PA determined that the project staff and consultants did not maintain proper documentation, which Tong acknowledged to be a lapse that needed to be addressed.

He said that PA is now undertaking a full review of the remaining contract variations, beyond those sampled by AGO, for the main construction contracts during the development phase of OTH and HBB, in order to check that the contract variations were carried out with appropriate approvals and proper documentation.

Irregularities found after checking 36 payments

The AGO also found "possible irregularities" in documents relating to payments, and lapses in the management of facility maintenance contracts at OTH.

They sampled 36 payments, amounting to a total of S$1.27 million, and found that there were possible irregularities in the supporting documents for some of these payments.

These included possible falsification of quotations, alteration of hardcopy payment supporting documents, and the creation and backdating of documents to give the false impression that proper processes had been followed.

PA lodged a police report

PA launched an internal investigation panel, led by senior officers from the PA and the Ministry of Culture, Community and Youth (MCCY), which subsequently confirmed AGO's observations.

PA lodged a police report after the conclusion of the investigation, and the staff who were directly involved have also bee suspended pending the outcome of the investigations.

Tong said that PA is currently reviewing the transactions, to ascertain if there are any losses as a result of these irregularities, and to take the appropriate recovery action.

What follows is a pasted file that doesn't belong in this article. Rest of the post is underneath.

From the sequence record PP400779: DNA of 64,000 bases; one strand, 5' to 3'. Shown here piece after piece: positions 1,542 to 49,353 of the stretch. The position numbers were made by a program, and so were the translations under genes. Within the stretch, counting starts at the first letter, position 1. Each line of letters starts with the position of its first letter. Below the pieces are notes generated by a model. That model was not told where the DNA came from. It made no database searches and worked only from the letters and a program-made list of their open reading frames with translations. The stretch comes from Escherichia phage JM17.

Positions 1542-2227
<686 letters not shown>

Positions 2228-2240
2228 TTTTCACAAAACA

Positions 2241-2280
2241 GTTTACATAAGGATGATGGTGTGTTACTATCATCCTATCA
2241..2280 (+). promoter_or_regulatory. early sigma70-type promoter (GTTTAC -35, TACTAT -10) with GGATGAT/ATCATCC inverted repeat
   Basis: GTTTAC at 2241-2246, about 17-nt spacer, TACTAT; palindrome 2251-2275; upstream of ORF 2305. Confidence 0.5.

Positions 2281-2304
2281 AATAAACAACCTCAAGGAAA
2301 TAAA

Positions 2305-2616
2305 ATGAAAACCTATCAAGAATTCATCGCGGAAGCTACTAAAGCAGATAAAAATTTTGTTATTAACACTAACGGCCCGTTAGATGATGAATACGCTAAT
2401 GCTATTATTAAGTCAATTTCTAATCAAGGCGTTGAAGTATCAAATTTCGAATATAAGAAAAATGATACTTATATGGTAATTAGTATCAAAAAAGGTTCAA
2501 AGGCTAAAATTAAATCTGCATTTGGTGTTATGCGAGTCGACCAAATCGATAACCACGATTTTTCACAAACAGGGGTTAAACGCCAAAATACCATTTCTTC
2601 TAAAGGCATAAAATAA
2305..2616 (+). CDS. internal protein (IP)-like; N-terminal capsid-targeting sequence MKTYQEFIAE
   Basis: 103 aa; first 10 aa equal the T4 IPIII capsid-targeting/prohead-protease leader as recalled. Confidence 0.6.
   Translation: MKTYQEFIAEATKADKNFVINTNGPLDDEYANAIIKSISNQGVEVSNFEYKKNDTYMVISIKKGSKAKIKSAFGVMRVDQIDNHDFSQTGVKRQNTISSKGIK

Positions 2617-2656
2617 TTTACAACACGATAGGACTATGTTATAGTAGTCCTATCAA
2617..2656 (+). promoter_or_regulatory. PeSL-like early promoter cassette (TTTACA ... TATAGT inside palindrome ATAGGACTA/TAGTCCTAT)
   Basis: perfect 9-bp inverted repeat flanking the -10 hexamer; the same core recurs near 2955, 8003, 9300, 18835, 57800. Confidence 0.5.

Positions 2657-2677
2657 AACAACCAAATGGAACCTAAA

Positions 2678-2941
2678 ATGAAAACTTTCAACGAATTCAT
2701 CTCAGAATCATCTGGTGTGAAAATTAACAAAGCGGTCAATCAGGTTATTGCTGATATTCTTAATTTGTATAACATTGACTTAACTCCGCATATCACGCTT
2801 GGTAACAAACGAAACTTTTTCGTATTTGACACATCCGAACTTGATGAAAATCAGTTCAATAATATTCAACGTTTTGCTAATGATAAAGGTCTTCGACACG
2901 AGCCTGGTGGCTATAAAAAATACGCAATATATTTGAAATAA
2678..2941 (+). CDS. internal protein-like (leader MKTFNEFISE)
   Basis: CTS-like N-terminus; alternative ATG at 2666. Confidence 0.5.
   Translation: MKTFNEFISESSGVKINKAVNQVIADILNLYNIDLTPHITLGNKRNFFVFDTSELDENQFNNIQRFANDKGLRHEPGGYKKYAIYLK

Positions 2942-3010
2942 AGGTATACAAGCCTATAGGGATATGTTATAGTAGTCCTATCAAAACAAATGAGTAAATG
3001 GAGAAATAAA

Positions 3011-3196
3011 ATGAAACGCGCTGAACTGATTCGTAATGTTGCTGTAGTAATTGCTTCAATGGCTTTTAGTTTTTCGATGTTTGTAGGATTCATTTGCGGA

PA's initial audits were focused on other matters

In response to a question posed by Sitoh Yih Pin, who asked whether PA's internal audit team had picked up on the lapses raised by AGO, Tong said that PA last audited OTH and HBB in 2018 and 2019 respectively.

However, as both developments had just started operations then, the audits were focused on procurement, revenue and tenancy management, hence no significant discrepancies were uncovered.

Tong said that part of PA's FY2021 workplan was to conduct checks on OTH and HBB, although these plans were put on hold when AGO began its audit of OTH and HBB in July 2020, and the planned areas of audit were eventually covered under AGO's audit.

External consultant appointed

Tong said that PA has accepted AGO's findings, and will take steps to thoroughly review its governance and compliance systems.

An external consultant from a leading accounting firm has been appointed to examine PA's governing system and oversight functions, in relation to contract management and the operations of all its development projects.

The external consultant will also conduct audits on the contract management of development and facility management projects of PA in recent years, and provide recommendations to strengthen systems and processes in relation to the oversight functions of all development projects.

Tong said that once PA completes the reviews of its remaining contracts, it will disclose its findings to the public.